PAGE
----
BCUA votes no on sewer privatization --cuts staff 65%

Friday, June 22, 2001

By SHANNON D. HARRINGTON
Staff Writer

An effort to privatize Bergen County's sewer operations died in a 3-1 vote Thursday night, prompting cheers from an audience concerned about jobs and the environment.

With little comment, the Bergen County Utilities Authority decided to end negotiations with Colorado-based Operations Management International, a private contractor that had sought to run the Little Ferry plant that serves 600,000 residents in 47 municipalities in the county.

The commissioners deliberated for months behind closed doors over whether the plant, which has a $47 million budget, could be run more cheaply by a private company or whether the utilities authority could make itself lean and efficient enough to satisfy the concerns that led to the privatization talks in the first place.

On Thursday night it was unclear whether the authority commissioners will return to the issue.

County Executive William "Pat" Schuber first proposed the idea in 1994 -- saying it was in response to municipalities' complaints about rising rates.

"It was disappointing after six years and literally millions of dollars expended," Adam Strobel, an aide to Schuber, said after the vote. "In due time there needs to be a full understanding of how they arrived at this decision."

Before the vote, nearly 100 plant workers, union officials, and environmentalists said privatizing the sewer operations would have many ill effects.

"I've been here 15 years," said Billy Griner, a messenger who sat in the front row with his wife and 7-month-old daughter. "I'm 42 years old. I don't want to have to start all over."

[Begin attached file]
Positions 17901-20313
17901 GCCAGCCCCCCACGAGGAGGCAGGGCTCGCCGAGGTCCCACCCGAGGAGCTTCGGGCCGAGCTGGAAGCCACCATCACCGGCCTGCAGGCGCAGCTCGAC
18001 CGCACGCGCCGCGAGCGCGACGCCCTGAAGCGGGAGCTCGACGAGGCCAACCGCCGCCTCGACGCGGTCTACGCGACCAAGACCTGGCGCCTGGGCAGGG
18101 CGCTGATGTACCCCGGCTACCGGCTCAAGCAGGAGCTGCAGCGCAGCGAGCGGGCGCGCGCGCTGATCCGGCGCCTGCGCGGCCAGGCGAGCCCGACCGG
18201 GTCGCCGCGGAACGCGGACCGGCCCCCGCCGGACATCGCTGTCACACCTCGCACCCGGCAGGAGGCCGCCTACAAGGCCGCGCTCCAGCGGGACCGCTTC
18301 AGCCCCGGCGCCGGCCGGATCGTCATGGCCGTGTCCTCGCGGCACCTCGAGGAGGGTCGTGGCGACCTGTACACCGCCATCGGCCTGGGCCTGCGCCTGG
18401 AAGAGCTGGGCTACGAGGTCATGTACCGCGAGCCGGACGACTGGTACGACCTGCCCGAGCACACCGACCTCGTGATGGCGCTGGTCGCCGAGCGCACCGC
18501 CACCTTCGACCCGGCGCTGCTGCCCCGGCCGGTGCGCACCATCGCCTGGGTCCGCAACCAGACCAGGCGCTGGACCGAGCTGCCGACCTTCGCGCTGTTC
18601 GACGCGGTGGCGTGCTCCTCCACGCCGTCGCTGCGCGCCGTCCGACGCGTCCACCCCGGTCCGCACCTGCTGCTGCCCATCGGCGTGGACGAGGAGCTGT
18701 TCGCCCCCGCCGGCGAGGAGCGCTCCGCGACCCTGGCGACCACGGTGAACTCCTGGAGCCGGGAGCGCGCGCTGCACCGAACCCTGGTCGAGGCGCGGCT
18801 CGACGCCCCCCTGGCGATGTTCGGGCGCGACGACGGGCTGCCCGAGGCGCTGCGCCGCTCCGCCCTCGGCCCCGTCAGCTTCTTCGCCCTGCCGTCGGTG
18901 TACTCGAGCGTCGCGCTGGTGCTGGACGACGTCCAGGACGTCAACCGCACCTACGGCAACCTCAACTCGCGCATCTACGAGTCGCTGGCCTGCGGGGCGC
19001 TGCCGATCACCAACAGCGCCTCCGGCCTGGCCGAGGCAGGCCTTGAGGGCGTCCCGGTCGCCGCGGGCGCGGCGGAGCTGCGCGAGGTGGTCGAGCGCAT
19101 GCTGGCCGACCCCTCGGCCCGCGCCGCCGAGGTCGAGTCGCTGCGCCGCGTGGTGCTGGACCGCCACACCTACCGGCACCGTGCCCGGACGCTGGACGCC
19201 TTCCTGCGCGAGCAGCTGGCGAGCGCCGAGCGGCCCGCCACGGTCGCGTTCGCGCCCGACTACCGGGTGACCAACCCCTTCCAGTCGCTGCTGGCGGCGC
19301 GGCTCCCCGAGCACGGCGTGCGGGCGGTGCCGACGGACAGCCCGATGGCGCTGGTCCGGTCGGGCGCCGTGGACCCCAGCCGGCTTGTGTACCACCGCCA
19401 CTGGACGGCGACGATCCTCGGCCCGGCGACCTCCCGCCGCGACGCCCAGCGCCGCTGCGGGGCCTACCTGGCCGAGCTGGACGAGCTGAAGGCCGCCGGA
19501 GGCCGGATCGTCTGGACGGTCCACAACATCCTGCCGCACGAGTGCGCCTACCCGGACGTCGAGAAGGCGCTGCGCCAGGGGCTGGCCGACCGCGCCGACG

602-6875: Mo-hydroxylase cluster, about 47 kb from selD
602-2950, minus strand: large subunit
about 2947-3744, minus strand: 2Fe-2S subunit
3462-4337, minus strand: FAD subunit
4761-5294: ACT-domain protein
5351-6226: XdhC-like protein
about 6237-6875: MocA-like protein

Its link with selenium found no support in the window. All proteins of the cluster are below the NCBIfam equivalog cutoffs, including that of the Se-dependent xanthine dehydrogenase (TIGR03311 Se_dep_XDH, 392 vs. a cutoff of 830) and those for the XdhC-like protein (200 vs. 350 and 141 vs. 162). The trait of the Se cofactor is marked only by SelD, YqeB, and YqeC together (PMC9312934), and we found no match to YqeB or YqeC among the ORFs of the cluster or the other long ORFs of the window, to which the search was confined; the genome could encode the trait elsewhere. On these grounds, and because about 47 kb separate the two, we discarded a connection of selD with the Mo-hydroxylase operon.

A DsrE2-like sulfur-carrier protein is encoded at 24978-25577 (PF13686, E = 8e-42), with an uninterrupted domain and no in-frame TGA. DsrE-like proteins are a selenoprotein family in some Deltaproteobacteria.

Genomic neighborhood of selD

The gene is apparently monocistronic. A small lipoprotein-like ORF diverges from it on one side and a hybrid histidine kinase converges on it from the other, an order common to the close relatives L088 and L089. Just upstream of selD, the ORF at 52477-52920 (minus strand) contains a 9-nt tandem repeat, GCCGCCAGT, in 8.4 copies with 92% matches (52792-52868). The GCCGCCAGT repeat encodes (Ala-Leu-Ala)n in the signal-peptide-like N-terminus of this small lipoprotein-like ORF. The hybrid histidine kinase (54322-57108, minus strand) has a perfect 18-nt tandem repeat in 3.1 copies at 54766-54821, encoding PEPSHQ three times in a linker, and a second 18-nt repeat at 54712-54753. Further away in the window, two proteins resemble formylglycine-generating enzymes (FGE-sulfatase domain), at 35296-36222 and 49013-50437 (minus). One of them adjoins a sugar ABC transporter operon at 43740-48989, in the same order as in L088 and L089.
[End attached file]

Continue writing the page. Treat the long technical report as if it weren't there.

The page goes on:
Jim Young, of the labor watchdog New Jersey Work Environment Council, called the plant workers "the guardians of our water."

Until the vote was cast there was no indication on the fate of the privatization effort. Commissioner Frank Faimondo had recused himself because he once had done work for one of the three companies that offered to run the plant. Commissioner Bernard "Skip" Kelley, the county recycling coordinator, abstained over controversy about whether he should vote.

The lone vote to continue the privatization effort was that of John C. Glidden Jr. Commissioners Benedict Focarino, Eugene D. Becken, and Joseph M. Tedeschi voted to end the negotiations.

The commissioners declined to discuss the specific reasons behind their votes. Focarino said only that they weighed cost and environmental concerns. Tedeschi said he had serious concerns about plant maintenance and potential effects on the environment.

Cutting corners, he said, would degrade the system. He said he asked whether the county would be better served by a private company.

"We didn't think so," Tedeschi said.

Albert Dealmagro, president of the union that represents many of the plant workers, praised "a very timely decision."

"I just hope the county executive respects the decision of the public officials who know best," Dealmagro said.

Of the three companies that offered bids to run the plant, OMI was chosen by the commissioners last year as the best candidate to do the job.

At the same time, commissioners worked to make the existing operations more cost-efficient. They installed computer monitoring systems that cut staffing needs. They stopped treating sewage sludge at the authority's dewatering plant and began shipping the sludge to a Newark plant, saving more money.

Overall, the treatment plant's workforce has been cut about 65 percent, from 387 workers to 134. And during the past four years, sewerage rates on average have dropped 30 percent, Tedeschi said.

As the privatization talks moved forward, union members and Democrats on the county freeholder board stepped up attempts to stop them.